- U.S. Capital Goods Orders Rose More Than Forecast in December
Orders for U.S. capital goods advanced more than forecast in December, showing businesses were adjusting investment plans amid prospects for stronger economic growth.
Bookings for non-military equipment excluding planes climbed 0.8 percent after increasing an upwardly revised 1.5 percent in November, data from the Commerce Department showed Friday. Orders for all durable goods — items meant to last at least three years — unexpectedly fell 0.4 percent due to a slump in the volatile military aircraft category.
More demand for capital goods, including machinery, electrical gear and communications equipment, is a sign that businesses might be following up buoyant post-election sentiment by spending more after years of tepid global growth and an energy-price slump. Further gains in investment that could contribute more to economic growth might depend on how quickly the Trump administration and Congress ease regulations and revamp corporate tax policy.
“Capex has been disappointing in recent years, and a second consecutive positive report would suggest that we have finally reached a floor and may start to see greater investment,” Bank of America Merrill Lynch economists, including Ethan Harris, head of global economics research, said in a note to clients before the report.
The median forecast of economists surveyed by Bloomberg projected a 0.2 percent increase in orders for non-defense capital goods orders excluding aircraft.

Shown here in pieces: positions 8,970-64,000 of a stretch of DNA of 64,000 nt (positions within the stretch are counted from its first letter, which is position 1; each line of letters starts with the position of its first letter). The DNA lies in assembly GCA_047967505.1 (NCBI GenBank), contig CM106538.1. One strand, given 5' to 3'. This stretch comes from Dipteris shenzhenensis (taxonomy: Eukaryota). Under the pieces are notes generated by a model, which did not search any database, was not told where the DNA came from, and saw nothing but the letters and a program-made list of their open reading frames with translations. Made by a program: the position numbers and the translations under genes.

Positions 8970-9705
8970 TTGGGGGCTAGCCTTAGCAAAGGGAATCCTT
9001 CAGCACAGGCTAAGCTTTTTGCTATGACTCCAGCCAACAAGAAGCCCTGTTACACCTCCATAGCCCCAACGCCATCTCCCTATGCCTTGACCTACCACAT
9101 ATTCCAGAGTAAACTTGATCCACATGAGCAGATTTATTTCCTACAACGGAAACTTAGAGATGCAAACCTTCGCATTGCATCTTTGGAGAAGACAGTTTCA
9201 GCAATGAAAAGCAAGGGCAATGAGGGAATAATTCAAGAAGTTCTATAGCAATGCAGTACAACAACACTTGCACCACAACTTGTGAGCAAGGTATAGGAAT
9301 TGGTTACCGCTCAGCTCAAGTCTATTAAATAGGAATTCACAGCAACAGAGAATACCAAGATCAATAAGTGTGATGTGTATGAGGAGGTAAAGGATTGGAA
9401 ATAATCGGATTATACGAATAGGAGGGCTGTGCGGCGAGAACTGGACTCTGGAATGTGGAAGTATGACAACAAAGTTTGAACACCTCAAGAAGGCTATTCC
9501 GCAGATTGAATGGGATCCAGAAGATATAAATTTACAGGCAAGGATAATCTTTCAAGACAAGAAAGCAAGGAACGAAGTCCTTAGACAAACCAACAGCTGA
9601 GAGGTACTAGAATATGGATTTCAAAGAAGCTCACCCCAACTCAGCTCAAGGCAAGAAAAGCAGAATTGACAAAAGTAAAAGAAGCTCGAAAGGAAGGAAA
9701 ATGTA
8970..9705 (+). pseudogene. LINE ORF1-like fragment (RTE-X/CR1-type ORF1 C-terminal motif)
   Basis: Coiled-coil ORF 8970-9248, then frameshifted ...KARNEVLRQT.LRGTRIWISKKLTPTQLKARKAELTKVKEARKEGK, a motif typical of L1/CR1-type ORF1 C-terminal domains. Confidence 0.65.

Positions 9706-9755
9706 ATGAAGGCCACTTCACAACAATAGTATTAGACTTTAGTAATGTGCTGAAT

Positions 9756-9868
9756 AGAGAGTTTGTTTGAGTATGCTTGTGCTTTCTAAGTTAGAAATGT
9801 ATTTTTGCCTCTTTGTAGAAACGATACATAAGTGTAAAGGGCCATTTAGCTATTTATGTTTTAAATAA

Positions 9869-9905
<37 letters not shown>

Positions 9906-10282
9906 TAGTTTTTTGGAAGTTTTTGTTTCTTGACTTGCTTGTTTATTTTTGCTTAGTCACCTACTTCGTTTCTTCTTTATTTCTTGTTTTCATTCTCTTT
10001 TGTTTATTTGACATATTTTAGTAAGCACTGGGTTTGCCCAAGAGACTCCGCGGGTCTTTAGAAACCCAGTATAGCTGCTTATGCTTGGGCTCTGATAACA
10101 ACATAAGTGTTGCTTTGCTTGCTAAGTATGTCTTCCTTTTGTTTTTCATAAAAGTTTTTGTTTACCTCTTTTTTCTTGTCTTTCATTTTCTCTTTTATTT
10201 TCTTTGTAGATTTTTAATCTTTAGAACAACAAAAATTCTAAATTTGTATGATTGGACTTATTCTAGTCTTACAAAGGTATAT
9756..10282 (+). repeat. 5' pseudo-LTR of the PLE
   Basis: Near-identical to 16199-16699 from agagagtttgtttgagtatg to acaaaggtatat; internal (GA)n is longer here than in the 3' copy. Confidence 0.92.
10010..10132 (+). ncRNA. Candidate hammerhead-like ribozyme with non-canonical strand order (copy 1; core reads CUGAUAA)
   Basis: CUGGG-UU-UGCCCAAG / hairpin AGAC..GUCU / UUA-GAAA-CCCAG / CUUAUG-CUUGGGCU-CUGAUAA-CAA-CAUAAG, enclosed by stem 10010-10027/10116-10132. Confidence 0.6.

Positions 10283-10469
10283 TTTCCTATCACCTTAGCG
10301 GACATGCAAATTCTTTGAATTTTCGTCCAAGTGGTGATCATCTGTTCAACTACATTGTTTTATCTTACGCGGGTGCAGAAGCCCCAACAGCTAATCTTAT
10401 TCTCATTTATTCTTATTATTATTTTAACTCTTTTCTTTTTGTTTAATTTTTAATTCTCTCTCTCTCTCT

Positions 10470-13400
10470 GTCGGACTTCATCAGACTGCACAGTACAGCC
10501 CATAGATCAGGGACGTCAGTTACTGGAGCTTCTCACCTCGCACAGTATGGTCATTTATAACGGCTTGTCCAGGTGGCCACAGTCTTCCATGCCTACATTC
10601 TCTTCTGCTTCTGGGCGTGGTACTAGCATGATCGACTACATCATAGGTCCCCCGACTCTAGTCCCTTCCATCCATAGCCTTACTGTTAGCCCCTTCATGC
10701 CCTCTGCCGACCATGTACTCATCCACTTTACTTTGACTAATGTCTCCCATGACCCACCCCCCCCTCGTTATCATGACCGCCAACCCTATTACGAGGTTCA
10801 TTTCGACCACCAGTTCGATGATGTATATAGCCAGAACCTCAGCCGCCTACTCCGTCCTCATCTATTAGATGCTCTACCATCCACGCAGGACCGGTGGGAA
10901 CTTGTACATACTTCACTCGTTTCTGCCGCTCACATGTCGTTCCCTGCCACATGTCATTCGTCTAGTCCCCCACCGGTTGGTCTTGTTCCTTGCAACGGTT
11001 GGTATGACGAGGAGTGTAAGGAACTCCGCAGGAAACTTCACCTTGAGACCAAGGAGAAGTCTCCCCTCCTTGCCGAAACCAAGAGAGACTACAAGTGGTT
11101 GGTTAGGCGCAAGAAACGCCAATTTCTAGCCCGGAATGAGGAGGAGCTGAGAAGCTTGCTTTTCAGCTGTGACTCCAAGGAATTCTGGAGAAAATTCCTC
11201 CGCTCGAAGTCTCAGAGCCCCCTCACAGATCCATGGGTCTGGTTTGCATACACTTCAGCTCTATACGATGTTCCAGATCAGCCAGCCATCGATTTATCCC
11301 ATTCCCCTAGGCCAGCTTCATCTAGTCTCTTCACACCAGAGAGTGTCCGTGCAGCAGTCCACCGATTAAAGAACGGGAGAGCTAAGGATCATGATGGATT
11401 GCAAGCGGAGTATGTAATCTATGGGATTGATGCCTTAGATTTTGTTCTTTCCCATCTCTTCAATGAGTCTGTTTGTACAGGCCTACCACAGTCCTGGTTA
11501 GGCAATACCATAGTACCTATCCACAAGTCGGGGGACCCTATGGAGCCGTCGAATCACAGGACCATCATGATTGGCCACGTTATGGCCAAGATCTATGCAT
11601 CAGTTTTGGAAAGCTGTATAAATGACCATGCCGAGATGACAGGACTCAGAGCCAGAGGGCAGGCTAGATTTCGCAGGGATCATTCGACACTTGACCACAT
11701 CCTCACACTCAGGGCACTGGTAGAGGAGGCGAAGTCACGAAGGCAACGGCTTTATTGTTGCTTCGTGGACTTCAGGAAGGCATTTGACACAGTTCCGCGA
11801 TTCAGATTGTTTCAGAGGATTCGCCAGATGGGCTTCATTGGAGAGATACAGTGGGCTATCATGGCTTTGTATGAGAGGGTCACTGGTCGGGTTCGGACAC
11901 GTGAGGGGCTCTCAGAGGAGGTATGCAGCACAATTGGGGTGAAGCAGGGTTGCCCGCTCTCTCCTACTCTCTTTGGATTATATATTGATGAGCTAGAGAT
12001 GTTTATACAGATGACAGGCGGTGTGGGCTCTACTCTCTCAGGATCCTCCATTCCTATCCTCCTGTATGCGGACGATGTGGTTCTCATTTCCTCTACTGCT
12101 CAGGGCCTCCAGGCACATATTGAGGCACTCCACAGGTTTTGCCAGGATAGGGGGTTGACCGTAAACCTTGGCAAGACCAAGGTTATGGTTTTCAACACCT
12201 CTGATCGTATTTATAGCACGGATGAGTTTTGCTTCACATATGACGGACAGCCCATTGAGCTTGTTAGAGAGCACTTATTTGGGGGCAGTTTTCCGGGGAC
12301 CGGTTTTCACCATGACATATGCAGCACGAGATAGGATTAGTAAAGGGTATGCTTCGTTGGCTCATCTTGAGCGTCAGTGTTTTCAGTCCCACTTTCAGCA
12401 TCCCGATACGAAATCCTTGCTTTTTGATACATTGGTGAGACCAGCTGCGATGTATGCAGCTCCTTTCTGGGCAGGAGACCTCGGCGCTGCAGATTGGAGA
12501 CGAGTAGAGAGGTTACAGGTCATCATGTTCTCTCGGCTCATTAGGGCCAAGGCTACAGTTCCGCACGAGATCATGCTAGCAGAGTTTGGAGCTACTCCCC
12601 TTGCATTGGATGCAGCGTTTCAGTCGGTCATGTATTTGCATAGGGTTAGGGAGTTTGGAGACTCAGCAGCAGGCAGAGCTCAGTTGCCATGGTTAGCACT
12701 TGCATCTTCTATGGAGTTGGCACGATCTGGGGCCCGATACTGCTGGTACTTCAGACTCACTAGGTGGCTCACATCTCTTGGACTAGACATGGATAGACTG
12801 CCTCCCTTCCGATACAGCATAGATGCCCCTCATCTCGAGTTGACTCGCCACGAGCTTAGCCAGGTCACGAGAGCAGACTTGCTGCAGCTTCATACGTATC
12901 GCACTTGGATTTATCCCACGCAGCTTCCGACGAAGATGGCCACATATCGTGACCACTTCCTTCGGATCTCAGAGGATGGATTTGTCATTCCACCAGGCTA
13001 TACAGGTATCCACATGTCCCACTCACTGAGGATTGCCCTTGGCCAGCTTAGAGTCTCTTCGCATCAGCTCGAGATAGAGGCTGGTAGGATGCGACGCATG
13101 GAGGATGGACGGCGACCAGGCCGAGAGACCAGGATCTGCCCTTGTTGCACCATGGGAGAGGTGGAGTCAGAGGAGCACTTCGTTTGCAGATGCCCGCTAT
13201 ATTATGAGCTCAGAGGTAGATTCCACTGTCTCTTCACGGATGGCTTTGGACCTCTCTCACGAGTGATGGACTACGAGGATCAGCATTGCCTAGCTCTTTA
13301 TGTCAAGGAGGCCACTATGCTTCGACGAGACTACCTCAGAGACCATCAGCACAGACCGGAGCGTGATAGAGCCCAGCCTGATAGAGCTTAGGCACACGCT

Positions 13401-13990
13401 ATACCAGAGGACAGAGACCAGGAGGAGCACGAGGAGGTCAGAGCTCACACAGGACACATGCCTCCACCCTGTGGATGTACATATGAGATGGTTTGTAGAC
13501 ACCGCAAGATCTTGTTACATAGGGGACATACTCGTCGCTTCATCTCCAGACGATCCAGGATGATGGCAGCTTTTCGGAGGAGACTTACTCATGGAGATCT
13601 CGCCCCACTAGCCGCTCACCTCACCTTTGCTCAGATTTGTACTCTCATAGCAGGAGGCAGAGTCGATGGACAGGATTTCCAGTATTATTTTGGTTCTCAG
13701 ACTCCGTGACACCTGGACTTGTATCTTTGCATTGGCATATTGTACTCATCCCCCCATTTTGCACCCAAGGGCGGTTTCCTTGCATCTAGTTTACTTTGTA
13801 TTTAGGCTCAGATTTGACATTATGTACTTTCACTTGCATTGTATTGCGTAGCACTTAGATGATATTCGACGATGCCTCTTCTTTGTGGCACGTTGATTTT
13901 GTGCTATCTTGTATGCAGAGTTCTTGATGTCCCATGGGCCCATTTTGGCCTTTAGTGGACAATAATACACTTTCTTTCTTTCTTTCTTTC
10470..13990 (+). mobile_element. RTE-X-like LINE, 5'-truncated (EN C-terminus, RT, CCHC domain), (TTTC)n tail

Shipments of such capital equipment, which are used in calculating gross domestic product, climbed 1 percent in December, the most since July 2015. They were up 0.6 percent the prior month, revised from a 0.2 percent gain.
In a separate report from the Commerce Department Friday, fourth-quarter GDP rose an annualized 1.9 percent, according to the government’s first estimate. Spending on equipment climbed at a 3.1 percent rate, the first increase since the third quarter of 2015.
A 42.4 percent December surge in commercial aircraft bookings helped ease the sting of a 63.9 percent plunge in orders for military aircraft, the durables data showed. Orders for non-defense goods increased 1.7 percent.
Boeing Co., the Chicago-based aerospace company, said it received 290 orders in January, the most since July 2014 and up from 13 orders in November.
Excluding transportation equipment demand, which is volatile from month to month, bookings increased 0.5 percent in December after a 1 percent gain the prior month, the durable goods report showed.
Durable goods inventories were little changed after a 0.2 percent increase in November. Unfilled orders for non-defense capital goods excluding aircraft rose 0.5 percent for a second month.
Gold Gained Ahead of Joe Biden Inauguration 2021
Gold price rose from one and a half month low on Tuesday ahead of President-elect Joe Biden’s inauguration on Wednesday.
The precious metal, largely regarded as a haven asset by investors, edged up by 0.2 percent to $1,844.52 per ounce on Tuesday, up from $1,802.61 on Monday.
He said, “The key factor appears to be the (U.S.) currency.”
As expected, a change in administration comes with the change in economic policies, especially taking into consideration the peculiarities of the present situation. In fact, even though Biden, Janet Yellen and the rest of the new cabinet are expected to go all out on additional stimulus with the support of Democrats controlled Houses, economic uncertainties with rising COVID-19 cases and slow vaccine distribution remained a huge concern.